Marion Jones has been cleared to resume competing Track and Field after her second urine sample came back 'negative' for the endurance enhancer EPO. Jones tested positive for the blood-boosting hormone on June 23, after winning the 100 metres at the U.S. national championships for her first sprint title since 2002.
What is of interest in this story is not only the fact that Jones was cleared of doping, but two other interesting pieces of information that once again have me frothing over personal rights being trampled on. First, Jones' first sample results saying that she was positive was not supposed to be made public until the second sample was examined...you know, 'innocent until proven guilty'. But in this case, with Marion Jones being so high profile and with some of her associates in the past being doping offenders, some over-zealous dingbat dispenses frontier justice and villifies Jones before due process is served.
Then, after the second test revealed that Jones was clean for the race in June, World Anti Doping Agency (WADA) chairman/president Richard Pound was asked to comment. World Anti-Doping Agency chairman Dick Pound said "EPO is open to interpretation. Maybe the first one was made too hastily," the Montreal lawyer said in a phone interview Thursday with The Associated Press. "You wouldn't think there would be variations between the amount in sample A and sample B. I'm sure there will be some explanation forthcoming from the lab or from USADA."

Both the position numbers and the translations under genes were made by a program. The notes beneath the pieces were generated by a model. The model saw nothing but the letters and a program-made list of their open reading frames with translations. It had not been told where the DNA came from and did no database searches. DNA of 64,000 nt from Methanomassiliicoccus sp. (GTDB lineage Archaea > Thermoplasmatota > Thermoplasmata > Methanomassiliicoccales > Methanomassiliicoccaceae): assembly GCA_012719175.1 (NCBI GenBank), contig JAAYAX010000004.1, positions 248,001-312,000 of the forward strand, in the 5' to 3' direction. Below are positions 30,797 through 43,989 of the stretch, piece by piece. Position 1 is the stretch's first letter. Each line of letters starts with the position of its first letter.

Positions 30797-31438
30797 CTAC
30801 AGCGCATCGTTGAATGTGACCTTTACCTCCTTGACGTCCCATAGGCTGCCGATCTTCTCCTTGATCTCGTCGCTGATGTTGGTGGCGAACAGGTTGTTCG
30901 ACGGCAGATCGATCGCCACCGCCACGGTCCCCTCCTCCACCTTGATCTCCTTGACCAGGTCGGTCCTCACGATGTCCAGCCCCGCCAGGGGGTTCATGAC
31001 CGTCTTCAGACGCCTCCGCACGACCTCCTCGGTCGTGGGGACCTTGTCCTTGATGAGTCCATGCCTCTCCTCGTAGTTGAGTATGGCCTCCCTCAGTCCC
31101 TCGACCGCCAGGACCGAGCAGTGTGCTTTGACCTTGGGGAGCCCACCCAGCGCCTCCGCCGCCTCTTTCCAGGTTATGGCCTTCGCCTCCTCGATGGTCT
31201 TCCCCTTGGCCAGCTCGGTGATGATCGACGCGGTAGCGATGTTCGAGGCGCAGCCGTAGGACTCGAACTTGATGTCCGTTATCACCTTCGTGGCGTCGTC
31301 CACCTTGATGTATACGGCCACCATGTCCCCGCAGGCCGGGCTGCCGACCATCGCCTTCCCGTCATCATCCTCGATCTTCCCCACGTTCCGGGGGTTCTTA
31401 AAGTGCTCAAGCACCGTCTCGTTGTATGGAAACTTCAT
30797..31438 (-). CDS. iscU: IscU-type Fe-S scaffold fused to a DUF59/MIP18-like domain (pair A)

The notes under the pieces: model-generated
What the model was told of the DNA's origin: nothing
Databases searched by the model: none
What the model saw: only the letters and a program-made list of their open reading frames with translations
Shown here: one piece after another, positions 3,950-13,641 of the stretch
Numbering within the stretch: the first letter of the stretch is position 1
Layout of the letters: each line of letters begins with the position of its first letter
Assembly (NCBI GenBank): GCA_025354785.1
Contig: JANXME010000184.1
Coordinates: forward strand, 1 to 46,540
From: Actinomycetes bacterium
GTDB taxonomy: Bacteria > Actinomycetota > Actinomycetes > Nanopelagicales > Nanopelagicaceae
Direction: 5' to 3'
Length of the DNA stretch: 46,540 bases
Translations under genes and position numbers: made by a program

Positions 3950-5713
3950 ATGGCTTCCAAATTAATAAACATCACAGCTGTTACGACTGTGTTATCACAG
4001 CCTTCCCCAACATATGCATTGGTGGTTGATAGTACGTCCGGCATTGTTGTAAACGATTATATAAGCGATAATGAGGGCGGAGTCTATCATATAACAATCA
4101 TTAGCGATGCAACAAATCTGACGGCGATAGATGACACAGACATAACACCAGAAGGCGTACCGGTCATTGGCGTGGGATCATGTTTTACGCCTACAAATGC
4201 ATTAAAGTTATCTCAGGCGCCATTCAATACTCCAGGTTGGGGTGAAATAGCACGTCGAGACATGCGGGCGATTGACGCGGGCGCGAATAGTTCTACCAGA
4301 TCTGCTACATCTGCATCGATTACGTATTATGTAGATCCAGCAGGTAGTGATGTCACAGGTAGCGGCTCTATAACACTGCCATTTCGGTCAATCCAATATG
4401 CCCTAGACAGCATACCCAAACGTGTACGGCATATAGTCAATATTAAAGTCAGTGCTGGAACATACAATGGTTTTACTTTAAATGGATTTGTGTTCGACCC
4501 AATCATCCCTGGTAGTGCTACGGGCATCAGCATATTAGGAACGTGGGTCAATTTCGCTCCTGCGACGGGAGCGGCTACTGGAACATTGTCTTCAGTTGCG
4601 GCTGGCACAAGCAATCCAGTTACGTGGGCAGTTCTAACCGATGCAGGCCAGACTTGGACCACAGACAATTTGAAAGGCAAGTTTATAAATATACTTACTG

I have no problem with the work that WADA and other affiliated agencies are doing to crack down on cheaters, but not at the expense of someone's rights and freedoms as an individual. While WADA has to be tenacious with the cheaters, jumping to conclusions without proof or justification is now more the norm than the exception.
Sadly, these agencies will continue this grandstanding as long as there is a microphone or notepad around, as nothing makes more headlines than controversy. WADA and the USADA will be reluctant to issue any kind of apology to any athlete wrongly accused as it would show them to be bungling idiots looking to point out cheaters as opposed to what they should be seen as, which is the standard bearer of conduct in a sport corrupted by cheating.
Until WADA and the USADA apply the 'high road' mentality to their practices, their credibility will always be questioned.